The dark almost antagonistic entrance of Join the Race pushes the diversity and walls of the album further still, its slightly funereal gait retaining a small swagger to its devilment as vocals and melodies tease its stubbornness. To the united contrasts the band weaves expressive designs to embrace and lace thoughts, leading the imagination into a new world of spatial heights and cavernous depths. The band’s skill at interweaving light and dark, peace and danger is exceptional and even more impressive ins their ability to entwine it around a rhythmic frame which never feeds expectations.

The celestial spice of the song is spread more intensively with Arcadia, an instrumental sculpting a psychedelically lit passage of exploration through sizzling sonic expression and dark stalking reflections, guitar and bass an evocative merger haunting and soothing thoughts and visions like puppeteers. All tracks have the same potency, but in particular this provides an episode to mentally and emotionally investigate with fresh rewards through every flight of its journey.

Circles explodes and infects the psyche next, its blues scented sonic phrasing an absorbing narrative alone but graced by the soft smooching of vocals and the dazzling rhythmic conjuration, the song is a melodic hymn for body and soul. It is an irresistible tantalising but soon left in the wake of the quite brilliant Seen a Ghost. The strongest stoner essences welcomes its opening gambit, guitars crooning teasingly as rhythms shuffle rigorously and adventurously through the continually growing canvas of the track. Already an ardour is awakened but it is the cultured stroll and punchy rhythms clad in a breath-taking melodic infection which ignites their full allegiance. Interlocked with expressively ambient bred passages, twisted stoner enticements, and melody seeded ravages, the chorus provides climatic yet calm crescendos which simply set the track into a new ferocity of ingenuity. Not only is it the best track on the album, it is the best song heard this year so far and leaves a touch of frustration when it transforms into the closing track Beyond the Light, a rich and sonically distorted instrumental which washes the senses with its tempestuous finale to the album.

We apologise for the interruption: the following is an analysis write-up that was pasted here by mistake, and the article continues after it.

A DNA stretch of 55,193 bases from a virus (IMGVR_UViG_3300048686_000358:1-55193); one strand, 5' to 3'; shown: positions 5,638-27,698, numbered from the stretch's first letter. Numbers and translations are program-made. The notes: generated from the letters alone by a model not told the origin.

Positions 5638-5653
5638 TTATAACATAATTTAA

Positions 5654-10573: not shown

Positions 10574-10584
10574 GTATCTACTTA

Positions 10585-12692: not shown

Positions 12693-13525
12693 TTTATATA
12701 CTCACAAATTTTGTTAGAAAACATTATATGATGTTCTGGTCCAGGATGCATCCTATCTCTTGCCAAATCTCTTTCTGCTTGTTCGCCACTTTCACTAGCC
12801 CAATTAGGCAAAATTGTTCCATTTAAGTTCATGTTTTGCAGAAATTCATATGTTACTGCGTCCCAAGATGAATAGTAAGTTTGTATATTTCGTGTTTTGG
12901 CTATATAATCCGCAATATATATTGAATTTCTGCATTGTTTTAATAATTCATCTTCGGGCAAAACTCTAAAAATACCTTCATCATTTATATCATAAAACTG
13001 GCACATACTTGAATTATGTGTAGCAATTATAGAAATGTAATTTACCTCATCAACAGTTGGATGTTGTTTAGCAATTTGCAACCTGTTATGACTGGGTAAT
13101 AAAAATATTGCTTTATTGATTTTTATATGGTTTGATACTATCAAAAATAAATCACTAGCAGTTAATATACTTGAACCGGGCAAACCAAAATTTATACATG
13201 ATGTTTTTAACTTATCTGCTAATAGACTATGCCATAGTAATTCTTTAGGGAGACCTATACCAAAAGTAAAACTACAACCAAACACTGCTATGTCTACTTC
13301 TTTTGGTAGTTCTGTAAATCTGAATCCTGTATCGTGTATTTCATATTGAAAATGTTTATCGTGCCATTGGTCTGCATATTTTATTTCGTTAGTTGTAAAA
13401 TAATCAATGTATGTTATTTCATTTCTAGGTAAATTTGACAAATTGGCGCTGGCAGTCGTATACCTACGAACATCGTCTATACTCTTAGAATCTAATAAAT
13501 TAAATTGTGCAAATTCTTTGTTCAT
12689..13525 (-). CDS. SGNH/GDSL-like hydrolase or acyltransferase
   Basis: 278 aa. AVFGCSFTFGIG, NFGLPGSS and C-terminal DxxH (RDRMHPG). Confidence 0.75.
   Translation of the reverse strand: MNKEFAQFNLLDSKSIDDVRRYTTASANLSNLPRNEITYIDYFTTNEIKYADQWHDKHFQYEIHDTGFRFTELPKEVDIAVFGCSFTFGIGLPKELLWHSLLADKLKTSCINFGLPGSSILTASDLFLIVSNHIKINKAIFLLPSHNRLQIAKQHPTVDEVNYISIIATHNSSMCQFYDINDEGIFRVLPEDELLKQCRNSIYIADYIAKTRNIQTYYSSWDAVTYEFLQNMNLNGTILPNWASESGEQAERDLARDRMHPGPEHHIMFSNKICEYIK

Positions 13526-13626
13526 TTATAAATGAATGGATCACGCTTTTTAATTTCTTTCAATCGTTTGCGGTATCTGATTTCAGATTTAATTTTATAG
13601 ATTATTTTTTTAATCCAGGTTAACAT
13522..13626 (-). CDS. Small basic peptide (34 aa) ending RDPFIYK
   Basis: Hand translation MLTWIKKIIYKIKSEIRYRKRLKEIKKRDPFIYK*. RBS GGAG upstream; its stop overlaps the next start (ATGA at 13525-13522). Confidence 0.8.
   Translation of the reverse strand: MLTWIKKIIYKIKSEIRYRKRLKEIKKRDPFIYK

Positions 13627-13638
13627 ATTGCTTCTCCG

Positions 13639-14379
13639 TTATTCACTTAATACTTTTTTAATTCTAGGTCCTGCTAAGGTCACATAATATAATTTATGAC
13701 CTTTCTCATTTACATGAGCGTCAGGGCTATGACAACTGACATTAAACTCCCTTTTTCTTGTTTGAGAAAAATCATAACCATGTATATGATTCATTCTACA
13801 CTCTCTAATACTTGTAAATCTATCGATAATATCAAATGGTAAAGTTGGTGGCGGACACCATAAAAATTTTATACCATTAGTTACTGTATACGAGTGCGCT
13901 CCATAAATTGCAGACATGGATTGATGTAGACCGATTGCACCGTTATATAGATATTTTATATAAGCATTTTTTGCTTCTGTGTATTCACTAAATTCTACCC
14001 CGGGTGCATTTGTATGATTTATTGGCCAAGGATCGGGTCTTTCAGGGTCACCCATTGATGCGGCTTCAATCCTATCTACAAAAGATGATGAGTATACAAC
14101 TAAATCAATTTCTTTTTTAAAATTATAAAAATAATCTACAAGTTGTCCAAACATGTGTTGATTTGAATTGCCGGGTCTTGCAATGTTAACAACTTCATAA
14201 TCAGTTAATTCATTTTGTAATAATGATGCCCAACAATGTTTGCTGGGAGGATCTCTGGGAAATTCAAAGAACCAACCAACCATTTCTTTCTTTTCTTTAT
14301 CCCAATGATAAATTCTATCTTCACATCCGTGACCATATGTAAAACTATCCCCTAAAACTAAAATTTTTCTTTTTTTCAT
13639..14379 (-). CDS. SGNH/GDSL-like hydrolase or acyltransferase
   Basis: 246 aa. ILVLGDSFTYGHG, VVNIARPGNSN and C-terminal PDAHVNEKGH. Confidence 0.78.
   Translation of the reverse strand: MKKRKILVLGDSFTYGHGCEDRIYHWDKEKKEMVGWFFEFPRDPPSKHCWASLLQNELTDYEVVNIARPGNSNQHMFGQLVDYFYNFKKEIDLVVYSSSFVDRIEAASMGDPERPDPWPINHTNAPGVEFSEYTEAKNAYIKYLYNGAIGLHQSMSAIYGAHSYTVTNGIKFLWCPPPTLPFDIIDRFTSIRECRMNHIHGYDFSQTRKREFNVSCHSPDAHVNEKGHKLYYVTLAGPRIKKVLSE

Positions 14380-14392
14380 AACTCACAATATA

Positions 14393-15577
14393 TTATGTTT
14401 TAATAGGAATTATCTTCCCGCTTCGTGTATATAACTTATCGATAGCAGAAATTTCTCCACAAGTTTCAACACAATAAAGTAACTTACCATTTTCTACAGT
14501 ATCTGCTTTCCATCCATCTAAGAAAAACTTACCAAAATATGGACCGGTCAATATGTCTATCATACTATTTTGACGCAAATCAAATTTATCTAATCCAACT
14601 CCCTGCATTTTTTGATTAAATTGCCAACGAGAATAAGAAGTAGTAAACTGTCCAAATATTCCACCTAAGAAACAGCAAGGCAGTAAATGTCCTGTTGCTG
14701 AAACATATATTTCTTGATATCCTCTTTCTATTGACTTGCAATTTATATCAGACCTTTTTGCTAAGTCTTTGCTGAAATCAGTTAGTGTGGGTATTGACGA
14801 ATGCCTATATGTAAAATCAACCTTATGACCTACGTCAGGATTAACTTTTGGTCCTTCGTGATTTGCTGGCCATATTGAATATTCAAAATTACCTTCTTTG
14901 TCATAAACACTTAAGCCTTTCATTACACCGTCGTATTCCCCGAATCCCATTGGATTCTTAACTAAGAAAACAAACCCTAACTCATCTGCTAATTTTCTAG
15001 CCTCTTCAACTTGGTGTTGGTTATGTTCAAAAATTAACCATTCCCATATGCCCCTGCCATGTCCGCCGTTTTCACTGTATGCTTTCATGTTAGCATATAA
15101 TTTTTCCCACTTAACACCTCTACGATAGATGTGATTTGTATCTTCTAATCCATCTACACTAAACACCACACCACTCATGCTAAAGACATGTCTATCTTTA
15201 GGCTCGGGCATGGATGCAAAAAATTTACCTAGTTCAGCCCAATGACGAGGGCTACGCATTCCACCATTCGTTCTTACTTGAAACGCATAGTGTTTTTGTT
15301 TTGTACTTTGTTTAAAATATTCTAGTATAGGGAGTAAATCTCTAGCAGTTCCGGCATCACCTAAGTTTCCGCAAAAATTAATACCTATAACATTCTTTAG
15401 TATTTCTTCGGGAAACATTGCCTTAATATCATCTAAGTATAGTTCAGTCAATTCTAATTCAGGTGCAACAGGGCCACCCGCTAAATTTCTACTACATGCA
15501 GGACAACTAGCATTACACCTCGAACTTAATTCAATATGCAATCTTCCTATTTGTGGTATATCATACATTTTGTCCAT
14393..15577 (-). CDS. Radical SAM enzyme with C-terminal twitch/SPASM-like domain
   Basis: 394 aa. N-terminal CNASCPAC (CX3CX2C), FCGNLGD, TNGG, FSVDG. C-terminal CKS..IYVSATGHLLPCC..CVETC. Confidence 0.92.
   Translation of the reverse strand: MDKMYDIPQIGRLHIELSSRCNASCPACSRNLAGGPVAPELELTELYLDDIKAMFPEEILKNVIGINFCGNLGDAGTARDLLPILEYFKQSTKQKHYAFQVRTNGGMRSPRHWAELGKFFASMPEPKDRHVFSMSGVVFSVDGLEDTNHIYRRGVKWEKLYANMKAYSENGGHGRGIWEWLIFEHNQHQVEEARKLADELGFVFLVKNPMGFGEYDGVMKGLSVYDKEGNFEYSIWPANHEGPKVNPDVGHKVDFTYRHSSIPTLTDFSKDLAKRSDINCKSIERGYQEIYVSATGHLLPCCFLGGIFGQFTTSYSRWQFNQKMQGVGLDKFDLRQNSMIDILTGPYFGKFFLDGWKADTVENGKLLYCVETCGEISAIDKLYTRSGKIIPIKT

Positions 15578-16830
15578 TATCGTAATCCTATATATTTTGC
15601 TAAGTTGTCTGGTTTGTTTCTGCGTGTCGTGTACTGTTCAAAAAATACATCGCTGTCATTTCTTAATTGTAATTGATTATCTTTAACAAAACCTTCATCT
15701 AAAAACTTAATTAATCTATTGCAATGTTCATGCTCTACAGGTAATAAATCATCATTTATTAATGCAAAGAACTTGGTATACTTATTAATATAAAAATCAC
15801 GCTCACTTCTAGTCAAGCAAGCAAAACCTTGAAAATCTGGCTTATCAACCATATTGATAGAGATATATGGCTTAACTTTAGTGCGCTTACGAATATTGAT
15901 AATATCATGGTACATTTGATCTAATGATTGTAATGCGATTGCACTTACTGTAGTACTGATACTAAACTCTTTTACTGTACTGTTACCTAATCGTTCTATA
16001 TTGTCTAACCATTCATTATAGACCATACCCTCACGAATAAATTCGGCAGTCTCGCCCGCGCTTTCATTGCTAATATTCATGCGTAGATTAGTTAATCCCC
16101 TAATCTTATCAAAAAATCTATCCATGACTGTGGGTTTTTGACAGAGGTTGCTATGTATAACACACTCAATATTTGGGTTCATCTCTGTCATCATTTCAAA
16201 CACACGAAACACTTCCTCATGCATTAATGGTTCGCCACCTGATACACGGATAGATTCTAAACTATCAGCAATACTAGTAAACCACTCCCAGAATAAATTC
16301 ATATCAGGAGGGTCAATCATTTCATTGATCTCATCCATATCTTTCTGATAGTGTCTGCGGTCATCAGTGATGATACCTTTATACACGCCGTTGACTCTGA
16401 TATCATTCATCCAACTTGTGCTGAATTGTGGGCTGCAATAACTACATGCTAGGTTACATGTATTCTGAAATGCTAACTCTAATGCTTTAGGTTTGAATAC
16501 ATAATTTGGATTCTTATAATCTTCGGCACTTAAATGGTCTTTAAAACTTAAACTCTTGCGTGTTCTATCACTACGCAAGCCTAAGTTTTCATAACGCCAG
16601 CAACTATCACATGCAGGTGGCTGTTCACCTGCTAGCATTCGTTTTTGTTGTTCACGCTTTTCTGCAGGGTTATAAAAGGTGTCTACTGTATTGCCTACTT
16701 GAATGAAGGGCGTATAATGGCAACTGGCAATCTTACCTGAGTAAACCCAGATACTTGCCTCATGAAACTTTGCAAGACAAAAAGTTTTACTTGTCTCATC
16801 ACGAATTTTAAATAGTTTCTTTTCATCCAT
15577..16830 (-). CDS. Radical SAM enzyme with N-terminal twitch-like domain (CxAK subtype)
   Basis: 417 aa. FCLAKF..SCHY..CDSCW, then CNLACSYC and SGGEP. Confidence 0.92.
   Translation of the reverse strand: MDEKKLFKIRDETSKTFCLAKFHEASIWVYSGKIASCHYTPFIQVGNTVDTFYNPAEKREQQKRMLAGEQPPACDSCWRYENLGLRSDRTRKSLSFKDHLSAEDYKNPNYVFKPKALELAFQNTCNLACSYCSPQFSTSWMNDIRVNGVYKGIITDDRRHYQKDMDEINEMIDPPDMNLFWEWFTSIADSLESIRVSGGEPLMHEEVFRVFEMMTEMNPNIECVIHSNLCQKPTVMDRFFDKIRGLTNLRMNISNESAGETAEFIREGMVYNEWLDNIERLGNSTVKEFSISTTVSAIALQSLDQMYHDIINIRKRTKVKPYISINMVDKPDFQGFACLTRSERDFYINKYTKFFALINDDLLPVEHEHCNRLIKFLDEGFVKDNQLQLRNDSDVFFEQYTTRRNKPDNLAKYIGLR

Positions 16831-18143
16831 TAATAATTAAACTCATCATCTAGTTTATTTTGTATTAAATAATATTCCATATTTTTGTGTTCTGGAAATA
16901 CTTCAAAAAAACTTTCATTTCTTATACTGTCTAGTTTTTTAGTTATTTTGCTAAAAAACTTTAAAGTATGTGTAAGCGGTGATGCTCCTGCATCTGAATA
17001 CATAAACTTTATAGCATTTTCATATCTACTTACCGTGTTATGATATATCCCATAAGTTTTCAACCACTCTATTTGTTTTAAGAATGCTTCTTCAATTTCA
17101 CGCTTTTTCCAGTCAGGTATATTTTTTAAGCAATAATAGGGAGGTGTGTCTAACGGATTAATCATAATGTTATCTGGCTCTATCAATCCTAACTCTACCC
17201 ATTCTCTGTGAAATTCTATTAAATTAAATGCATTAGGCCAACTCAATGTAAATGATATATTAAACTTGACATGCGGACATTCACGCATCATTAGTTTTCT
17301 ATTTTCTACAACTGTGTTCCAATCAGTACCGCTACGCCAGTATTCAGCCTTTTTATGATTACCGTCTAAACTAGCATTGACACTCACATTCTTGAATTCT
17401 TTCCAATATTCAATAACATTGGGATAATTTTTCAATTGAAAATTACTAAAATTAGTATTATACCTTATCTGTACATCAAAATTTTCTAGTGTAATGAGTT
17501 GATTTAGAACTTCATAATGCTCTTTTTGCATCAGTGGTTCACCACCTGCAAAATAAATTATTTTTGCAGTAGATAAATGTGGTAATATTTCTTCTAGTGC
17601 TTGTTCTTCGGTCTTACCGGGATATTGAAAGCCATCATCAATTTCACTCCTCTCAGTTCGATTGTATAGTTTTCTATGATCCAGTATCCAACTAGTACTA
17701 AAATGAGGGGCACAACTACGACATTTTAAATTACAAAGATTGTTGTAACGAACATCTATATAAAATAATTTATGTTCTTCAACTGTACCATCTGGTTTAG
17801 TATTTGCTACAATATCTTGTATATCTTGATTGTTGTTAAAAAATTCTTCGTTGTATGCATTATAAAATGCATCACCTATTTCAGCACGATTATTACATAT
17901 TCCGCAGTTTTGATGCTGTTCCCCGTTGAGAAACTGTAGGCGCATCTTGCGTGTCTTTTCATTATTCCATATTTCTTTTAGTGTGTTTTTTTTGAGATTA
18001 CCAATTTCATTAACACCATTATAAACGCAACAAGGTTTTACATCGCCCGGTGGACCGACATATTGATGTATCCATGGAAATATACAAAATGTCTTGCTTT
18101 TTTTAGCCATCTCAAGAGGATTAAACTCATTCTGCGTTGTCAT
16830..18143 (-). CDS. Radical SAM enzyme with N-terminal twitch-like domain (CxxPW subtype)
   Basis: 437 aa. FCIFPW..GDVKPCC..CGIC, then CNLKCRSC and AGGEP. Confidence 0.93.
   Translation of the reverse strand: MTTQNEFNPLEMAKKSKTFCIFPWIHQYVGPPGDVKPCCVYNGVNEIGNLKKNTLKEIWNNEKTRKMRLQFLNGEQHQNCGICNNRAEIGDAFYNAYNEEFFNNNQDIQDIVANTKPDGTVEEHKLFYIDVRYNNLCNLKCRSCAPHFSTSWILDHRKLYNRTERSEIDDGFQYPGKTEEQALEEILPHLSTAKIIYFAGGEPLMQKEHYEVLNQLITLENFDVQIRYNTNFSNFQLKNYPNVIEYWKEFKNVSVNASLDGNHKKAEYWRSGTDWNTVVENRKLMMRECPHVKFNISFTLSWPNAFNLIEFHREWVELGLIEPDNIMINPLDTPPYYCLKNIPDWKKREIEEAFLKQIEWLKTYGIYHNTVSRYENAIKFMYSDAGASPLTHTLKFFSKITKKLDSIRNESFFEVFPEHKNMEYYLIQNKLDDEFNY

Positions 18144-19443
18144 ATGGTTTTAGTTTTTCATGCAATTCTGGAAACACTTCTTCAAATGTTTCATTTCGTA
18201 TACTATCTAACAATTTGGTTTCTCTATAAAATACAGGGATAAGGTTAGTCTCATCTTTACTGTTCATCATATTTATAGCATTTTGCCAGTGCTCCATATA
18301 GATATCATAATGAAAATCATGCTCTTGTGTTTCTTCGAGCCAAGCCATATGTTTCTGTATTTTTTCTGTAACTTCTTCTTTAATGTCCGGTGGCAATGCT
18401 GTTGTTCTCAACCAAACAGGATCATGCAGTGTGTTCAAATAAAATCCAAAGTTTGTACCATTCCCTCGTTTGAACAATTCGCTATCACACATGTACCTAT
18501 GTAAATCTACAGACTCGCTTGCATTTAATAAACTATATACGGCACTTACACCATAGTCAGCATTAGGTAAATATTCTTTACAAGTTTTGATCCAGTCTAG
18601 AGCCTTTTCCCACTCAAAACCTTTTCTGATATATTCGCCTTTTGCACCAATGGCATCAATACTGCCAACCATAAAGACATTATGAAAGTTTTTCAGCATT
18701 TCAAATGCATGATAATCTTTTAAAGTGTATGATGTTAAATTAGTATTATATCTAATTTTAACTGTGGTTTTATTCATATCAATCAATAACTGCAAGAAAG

Stranded In Arcadia is sensational, a giant of an album in sound, songwriting, and presence. Whether psychedelic/stoner/heavy rock has ever sounded this good is a question which Mars Red Sky now has us asking.

Stranded In Arcadia is available via Mrs Red Sound / Listenable Records now!


RingMaster 29/04/2014

Copyright RingMaster: MyFreeCopyright

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Loudblast – Burial Ground


Acclaimed as the first French death metal band and just acclaimed across underground metal worldwide over the years since forming in 1985, Loudblast add another magnificent coal to that fire with new album Burial Ground. It is a beast of an album creatively and brutally; an inventive and explosive provocation which continues the band’s impressive evolution of sound. Merging resistance free grooves, barbed hooks, and a greater contagion into their old school genre seeded sound, the Lille quartet have sculpted their finest slab of imagination savaging incitement yet.